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Problems Following a Total Knee Replacement

by
author image Marcy Brinkley
Marcy Brinkley has been writing professionally since 2007. Her work has appeared in "Chicken Soup for the Soul," "Texas Health Law Reporter" and the "State Bar of Texas Health Law Section Report." Her degrees include a Bachelor of Science in Nursing; a Master of Business Administration; and a Doctor of Jurisprudence.
Problems Following a Total Knee Replacement
An athlete wraps his knee before rehab. Photo Credit Chad Zuber/iStock/Getty Images

Overview

Nearly 600,000 knee replacements are performed each year in the U.S. on patients whose knees have been severely damaged by arthritis or injury, according to the Cleveland Clinic. The procedure involves replacing damaged cartilage and gliding surfaces of the joint. One of six types of artificial knee implants are used, depending upon the needs of the patient. The artificial parts are made of cobalt chrome, titanium or plastic, and can be affixed to the bone with acrylic cement or fitted into the area without cement.

Risks of Surgery and Anesthesia

Anyone undergoing surgery risks the development of blood clots in the leg, heart attack, stroke, blood loss, wound infection, nerve damage or a reaction to the anesthesia. Fewer than 2 percent of patients undergoing knee replacement surgery experience serious complications, according to the American Association of Orthopaedic Surgeons. In extremely rare cases, according to the National Institutes of Health, an allergic reaction to the cement used in the surgery may cause death.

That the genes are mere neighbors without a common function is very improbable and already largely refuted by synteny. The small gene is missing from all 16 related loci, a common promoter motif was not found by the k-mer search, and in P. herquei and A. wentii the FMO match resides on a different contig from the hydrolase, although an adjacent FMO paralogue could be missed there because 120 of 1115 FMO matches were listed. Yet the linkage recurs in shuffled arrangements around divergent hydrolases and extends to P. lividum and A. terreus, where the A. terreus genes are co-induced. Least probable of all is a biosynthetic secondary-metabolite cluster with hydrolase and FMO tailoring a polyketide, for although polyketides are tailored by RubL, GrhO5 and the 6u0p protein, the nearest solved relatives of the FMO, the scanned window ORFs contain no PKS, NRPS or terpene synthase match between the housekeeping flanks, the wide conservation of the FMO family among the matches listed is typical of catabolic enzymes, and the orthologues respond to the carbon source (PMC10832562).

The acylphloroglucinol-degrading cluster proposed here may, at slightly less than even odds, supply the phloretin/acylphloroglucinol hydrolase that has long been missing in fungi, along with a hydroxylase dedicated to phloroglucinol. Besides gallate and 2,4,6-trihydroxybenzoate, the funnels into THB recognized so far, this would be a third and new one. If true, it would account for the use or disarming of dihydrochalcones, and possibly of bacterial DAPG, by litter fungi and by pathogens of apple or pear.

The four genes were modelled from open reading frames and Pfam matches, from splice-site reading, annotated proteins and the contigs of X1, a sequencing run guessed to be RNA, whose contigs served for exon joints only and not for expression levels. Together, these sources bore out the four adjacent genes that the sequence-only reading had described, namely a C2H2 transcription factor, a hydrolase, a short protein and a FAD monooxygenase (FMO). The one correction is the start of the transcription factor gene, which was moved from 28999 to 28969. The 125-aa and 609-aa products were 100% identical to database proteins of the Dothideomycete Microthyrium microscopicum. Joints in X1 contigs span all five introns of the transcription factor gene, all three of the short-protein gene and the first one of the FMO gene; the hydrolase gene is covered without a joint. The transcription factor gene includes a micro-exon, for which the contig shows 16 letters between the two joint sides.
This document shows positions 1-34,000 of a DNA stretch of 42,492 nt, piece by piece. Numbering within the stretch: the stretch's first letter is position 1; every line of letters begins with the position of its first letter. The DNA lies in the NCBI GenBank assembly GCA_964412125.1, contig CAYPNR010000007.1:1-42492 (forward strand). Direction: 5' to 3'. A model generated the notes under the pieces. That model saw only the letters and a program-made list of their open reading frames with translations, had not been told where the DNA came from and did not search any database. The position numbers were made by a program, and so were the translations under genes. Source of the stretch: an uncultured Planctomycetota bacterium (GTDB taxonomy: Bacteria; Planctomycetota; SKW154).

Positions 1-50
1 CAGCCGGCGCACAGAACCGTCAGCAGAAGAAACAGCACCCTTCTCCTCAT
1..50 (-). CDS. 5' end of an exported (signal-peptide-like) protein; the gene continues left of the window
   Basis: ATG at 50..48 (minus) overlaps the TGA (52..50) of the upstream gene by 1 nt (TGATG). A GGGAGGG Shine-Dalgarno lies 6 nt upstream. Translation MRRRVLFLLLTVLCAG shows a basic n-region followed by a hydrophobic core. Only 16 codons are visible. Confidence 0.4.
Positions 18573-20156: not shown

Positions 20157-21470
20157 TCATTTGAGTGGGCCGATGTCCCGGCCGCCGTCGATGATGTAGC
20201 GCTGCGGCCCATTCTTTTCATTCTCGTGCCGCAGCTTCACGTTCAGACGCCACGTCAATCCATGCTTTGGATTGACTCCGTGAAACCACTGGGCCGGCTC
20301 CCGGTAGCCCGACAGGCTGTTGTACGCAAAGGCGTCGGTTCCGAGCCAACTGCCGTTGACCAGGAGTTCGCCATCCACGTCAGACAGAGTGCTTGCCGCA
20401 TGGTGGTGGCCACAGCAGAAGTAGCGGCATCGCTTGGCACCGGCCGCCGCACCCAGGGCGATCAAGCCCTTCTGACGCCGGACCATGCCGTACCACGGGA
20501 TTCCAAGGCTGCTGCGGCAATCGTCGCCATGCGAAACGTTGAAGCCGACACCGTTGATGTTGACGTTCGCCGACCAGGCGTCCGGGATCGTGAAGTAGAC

Infection

Infection can occur years after knee replacement surgery, when bacteria enter the bloodstream and infect the surgical site, according to MayoClinic.com. The most common causes are dental or surgical procedures, urinary tract infections and skin infections. Symptoms include fever higher than 100 degrees F, shaking, chills, drainage from the surgical site or redness, swelling, tenderness and pain in the knee. Treatment focuses on clearing the infection with antibiotics and removal of the artificial parts. A second surgery can be done later to replace the joint, but each additional surgery diminishes the chances of a successful outcome.

Pain and Stiffness

Rarely, patients may experience more pain in the knee after surgery, according to the National Institutes of Health. More than 90 percent, however, find that surgery drastically reduces their pain and improves their ability to perform normal activities, reports the American Academy of Orthopaedic Surgeons. The expected range of motion in the joint is about 115 degrees, but motion will be more limited if scarring occurs.

Failure of the Artificial Joint

Approximately 85 percent of knee implants last 20 years, according to the Cleveland Clinic. Most patients undergoing total knee replacement surgery are between the ages of 60 and 80, but it can also be performed on younger patients who are disabled by their disease. Those in the lower age ranges will require replacement surgery when the artificial parts begin to fail. The risk of joint failure is highest among young, obese males and patients with complicating conditions, according to MayoClinic.com. Avoiding excess wear and tear, especially from jogging or running, contact sports or other vigorous activities extends the life of the artificial joint.

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